I never imagined I would visit a cemetery to watch kangaroos grazing … but since discovering it I’ve taken every foreign visitor of mine there to witness this amazing sight for free.
Before you think I am a touch weird, bear with me. Pinnaroo Valley Memorial Park is not a morbid or creepy place at all – in fact, it is a collection of peaceful gardens with rolling lawns and water features, interspersed with natural bushland that has been tastefully landscaped to create an overall beautiful and dignified place to honour the departed.
The main entrance to the park is on Whitfords Avenue, with another exit/entrance on Gibson Avenue. The winding roads within the park meander past the various ‘courtyards’ where you can see scatterings of floral tributes and memorial plaques discreetly placed in the grass. No headstones or monuments are permitted – only flat memorial plaques. This policy ensures that the natural bushland environment is retained.
The courtyards are named after Australian fauna, e.g. Zamia Court, Acacia Court and Cassia Court. If you drive slowly through the park you will eventually come full circle back to where you started, but there are clear signs along the way too to guide you. There are parking spots along the way, or you can simply do a slow drive through the park with your windows wound down to see the kangaroos. The speed limit is 20 at all times.
At most times of the day you can spot whole herds of kangaroos grazing on the lawns and amongst the native trees and plants. The best times are before or after the real heat of the day. They move around so you aren’t guaranteed to see them in the same spot twice, but I have never been disappointed.
The place is so beautiful that you are naturally inclined to respect the peace, but it’s obvious that allowing kids to run wild and be too loud on the lawns would be inappropriate. As for the kangaroos – you also need to respect their space, for your safety as well as not wanting to scare them. And do not try to feed them or touch them. But with caution you are able to come as close as 5–10m and observe them munching grass or nursing their babies. At certain times of the year I have seen baby Joeys with their heads sticking out of pouches. Every now and then a kangaroo will bounce off across the grass. As someone still fairly new to Aussie animals, it’s a wonderful experience to observe them so closely!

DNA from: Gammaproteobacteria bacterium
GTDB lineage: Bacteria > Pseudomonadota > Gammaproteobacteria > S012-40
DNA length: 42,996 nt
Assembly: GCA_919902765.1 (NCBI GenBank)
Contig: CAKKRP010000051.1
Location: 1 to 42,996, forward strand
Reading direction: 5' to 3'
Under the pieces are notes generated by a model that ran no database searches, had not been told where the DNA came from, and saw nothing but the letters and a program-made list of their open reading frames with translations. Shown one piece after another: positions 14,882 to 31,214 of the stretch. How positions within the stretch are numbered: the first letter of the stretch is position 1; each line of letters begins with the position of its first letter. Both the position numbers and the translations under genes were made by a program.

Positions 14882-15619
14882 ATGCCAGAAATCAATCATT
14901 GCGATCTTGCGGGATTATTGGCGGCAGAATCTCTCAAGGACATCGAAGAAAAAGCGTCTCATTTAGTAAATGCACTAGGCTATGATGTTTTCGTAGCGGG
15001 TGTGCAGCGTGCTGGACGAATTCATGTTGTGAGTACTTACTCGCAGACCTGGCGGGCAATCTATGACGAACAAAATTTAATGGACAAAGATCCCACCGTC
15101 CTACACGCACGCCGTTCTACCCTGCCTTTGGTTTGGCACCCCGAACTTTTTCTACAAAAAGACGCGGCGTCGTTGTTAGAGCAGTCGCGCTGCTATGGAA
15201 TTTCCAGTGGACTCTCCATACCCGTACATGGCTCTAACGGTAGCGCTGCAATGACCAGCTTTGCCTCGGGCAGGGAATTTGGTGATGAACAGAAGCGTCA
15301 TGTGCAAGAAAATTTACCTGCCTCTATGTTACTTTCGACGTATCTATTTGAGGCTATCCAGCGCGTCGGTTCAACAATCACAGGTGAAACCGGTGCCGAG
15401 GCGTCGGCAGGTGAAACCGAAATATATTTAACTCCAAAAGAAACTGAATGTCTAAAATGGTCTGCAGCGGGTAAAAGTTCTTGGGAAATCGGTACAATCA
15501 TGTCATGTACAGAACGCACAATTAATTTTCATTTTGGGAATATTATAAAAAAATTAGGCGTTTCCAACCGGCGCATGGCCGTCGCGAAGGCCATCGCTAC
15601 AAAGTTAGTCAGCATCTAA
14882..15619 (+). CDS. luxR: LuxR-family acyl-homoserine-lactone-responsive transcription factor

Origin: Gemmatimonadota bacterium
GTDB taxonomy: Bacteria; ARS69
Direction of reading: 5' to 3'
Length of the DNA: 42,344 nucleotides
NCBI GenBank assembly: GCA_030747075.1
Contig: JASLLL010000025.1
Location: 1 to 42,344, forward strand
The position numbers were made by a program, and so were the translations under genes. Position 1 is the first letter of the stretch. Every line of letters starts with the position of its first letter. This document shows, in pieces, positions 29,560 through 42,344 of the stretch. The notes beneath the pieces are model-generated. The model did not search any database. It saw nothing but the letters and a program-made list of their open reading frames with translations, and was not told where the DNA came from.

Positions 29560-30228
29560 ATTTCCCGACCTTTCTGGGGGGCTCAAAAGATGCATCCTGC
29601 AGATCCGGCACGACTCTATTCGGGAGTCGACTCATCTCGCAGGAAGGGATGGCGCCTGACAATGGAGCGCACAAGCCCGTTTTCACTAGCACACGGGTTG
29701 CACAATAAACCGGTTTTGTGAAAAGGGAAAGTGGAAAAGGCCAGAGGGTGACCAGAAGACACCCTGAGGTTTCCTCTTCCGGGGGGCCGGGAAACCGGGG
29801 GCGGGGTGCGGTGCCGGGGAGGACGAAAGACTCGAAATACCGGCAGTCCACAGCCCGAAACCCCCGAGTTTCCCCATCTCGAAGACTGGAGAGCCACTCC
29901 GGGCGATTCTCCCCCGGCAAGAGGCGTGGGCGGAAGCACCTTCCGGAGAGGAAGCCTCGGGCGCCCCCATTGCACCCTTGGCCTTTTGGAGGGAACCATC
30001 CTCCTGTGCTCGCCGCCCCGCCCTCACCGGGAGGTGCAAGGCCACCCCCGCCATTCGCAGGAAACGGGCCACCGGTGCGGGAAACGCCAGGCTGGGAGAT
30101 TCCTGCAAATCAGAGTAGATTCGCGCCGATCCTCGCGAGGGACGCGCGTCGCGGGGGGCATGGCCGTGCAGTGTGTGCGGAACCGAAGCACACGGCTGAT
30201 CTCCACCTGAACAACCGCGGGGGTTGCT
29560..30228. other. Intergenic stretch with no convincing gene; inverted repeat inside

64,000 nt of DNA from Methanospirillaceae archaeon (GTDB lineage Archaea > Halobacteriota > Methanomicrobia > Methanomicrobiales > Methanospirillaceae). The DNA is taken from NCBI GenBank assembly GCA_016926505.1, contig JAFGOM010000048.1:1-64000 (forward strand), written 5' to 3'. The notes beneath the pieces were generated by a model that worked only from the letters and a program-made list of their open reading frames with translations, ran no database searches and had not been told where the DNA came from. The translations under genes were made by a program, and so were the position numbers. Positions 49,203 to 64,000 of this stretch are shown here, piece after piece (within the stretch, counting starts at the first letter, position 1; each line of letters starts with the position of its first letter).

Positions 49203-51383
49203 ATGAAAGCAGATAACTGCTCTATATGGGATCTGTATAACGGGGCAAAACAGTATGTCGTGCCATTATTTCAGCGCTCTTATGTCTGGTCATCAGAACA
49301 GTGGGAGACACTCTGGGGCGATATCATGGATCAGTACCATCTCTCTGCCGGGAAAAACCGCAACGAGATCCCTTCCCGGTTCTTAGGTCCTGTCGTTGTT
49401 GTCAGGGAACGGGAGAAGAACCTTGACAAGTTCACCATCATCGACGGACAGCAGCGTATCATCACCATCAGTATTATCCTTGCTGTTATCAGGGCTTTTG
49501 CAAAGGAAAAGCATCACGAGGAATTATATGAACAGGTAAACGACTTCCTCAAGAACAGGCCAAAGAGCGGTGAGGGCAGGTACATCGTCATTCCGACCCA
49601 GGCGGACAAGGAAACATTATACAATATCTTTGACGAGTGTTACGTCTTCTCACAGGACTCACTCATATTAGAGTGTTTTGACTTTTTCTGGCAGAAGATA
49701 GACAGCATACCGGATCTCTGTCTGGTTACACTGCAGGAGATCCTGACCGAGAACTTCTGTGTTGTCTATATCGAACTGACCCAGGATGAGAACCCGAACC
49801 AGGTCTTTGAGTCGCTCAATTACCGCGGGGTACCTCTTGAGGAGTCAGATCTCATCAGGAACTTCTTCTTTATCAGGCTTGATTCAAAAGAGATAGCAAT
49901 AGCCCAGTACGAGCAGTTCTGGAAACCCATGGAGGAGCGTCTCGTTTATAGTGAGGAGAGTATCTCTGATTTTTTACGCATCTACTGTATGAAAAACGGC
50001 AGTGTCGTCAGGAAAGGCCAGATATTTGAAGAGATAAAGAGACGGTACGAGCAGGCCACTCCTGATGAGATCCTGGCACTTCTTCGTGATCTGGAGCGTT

There are a few shelters in the park with toilet facilities and also benches to rest on. Near the main entrance, there is a Chapel and Crematorium that have daily services and ceremonies, and nearby is a small café called Pinnaroo Café.
I was pleasantly surprised to stumble across this café, which looks out over a rolling lawn where kangaroos often graze. It mainly serves people who are attending services at the park, but it is also open to the public. Again, kids running wild would be disrespectful, but the café has a fantastic kids corner to keep them entertained. It is enclosed for small children, and is bursting with a variety of toys and also has colouring-in pencils and paper for older kids.
There are several large tables inside with some rustic ones on the patio that have shade umbrellas. Inside there are also a few comfortable armchairs and sofas.
The café serves good coffees as well as other beverages and has a wide range of yummy cakes, biscuits and sweet offerings. There are also some ready-made savoury choices on display such as sandwiches and wraps, and a few specials which change daily, e.g. soup and bread. There is no formal menu as such, nor is there a kids’ menu – it’s a simple café but I loved the relaxed and friendly atmosphere.
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